FORMER Zimbabwe Cricket captain Tatenda Taibu is not ruling out another sensational return to the national team following his surprise return from retirement recently to play for Sri Lankan first class cricket side Baduraliya Sports Club.
The 35-year-old Zimbabwean wicket-keeper batsman appears to have got his comeback to first class cricket off to a promising start after scoring 13, 57, 39 and 13 in his first four innings scores in Sri Lanka.
And when asked if he would consider a national team return, Taibu said his target was to establish himself in the Sri Lankan scene before considering a return to international cricket.
"I haven't thought that far. Because to start thinking about international, I have to be comfortable in first-class and I have to have the confidence that my body is still in shape," Taibu said in an interview with the Indian news and media website Firstpost.
"I have to have the confidence that I will score hundreds, I have to have the confidence that I will take not only good catches but great catches. So it's a little bit too early to be thinking about that."
Taibu, who revealed that he had made a comeback as a player to fulfil his son Tatenda Jnr's desire to see him play, said he considered himself one of the fittest cricketers in the world after working hard to keep fit during his retirement.
"Look, when I stopped playing cricket, I never really stopped training, even physical training. When I made the decision (to come back to competitive cricket), my schedule included running 7 kms on the beach, twice a week and then the other days in between, I would be doing sprints on the beach. I did all my fitness on the sand.
"So, in terms of fitness, it's probably the easiest thing for me. I would not be lying if I said I am probably one of the fittest cricketers in the world. Without a doubt," he said.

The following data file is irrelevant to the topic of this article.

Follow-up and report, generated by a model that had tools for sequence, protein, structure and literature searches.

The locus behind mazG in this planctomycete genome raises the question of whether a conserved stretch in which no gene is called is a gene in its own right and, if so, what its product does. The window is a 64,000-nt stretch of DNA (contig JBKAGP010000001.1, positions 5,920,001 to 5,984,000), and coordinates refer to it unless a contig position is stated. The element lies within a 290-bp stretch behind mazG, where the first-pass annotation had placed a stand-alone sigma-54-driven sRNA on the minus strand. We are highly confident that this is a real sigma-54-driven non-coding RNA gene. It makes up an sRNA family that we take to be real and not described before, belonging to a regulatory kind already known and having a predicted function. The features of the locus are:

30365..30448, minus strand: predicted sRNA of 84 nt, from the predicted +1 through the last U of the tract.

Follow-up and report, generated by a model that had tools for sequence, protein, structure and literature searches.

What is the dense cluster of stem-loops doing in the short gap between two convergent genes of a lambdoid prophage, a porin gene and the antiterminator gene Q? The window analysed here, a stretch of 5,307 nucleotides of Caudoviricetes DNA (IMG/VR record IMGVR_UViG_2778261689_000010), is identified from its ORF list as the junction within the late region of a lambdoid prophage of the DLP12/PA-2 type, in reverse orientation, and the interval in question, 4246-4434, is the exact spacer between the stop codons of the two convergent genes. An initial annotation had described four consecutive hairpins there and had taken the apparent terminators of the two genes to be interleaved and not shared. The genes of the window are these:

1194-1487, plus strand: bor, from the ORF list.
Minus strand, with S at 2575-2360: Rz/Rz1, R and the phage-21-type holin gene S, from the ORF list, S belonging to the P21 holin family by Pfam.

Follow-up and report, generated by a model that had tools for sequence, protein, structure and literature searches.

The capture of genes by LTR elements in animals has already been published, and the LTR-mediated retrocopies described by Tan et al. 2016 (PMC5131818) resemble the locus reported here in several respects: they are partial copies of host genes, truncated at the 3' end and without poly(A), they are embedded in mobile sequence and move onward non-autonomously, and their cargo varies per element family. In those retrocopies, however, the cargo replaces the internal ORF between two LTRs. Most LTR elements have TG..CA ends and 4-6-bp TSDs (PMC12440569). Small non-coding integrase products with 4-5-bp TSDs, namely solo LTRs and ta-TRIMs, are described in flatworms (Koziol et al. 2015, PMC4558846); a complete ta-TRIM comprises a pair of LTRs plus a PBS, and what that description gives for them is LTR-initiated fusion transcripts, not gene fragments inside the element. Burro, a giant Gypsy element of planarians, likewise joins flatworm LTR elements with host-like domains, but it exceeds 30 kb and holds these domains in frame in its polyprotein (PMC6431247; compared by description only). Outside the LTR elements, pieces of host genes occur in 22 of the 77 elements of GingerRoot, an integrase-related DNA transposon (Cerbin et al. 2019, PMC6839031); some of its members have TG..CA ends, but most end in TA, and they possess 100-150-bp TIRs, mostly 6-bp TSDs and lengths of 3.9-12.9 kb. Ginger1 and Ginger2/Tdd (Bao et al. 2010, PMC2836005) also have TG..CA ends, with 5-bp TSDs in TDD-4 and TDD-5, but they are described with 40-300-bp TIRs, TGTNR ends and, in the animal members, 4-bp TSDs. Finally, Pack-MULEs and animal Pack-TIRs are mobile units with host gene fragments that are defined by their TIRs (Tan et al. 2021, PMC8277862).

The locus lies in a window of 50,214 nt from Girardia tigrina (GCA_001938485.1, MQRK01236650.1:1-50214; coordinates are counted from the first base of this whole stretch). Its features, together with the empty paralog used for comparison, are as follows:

The legendary wicketkeeper batsman, who turned out in 28 Tests, 150 one-day internationals and 17 Twenty20 Internationals for the Chevrons, also explained his decision to make his recent comeback in Sri Lanka and not in Zimbabwe.
"I knew that I would walk into the domestic arena of Zimbabwe and score runs. I wanted something challenging. I like a challenge and I like to overcome a challenge," Taibu explains.
"I never played first-class cricket in Sri Lanka. I don't know most of the bowlers. I have only faced one or two that I have played with before.
"So, I am facing new bowlers, new conditions, new team, and new environment. Everything is new. So, for me, it's a proper test of my ability. If I do well in that, I will have the satisfaction that I can still play the game."
Taibu became the youngest ever Test captain in 2004 when he was 21.
But before his comeback early this month, he had last played representative cricket in February 2012 before retiring from all forms of the game to focus on church work.
Despite moving away from cricket in 2012, he made a comeback to the game in 2016 when he joined Hightown St Mary's Cricket Club in the UK as player and coach.
Then, in 2017, he was appointed convener of selectors in Zimbabwe, but was removed from the position in early 2018 after Zimbabwe failed to qualify for the ICC Men's Cricket World Cup 2019.
Read the original article on New Zimbabwe.
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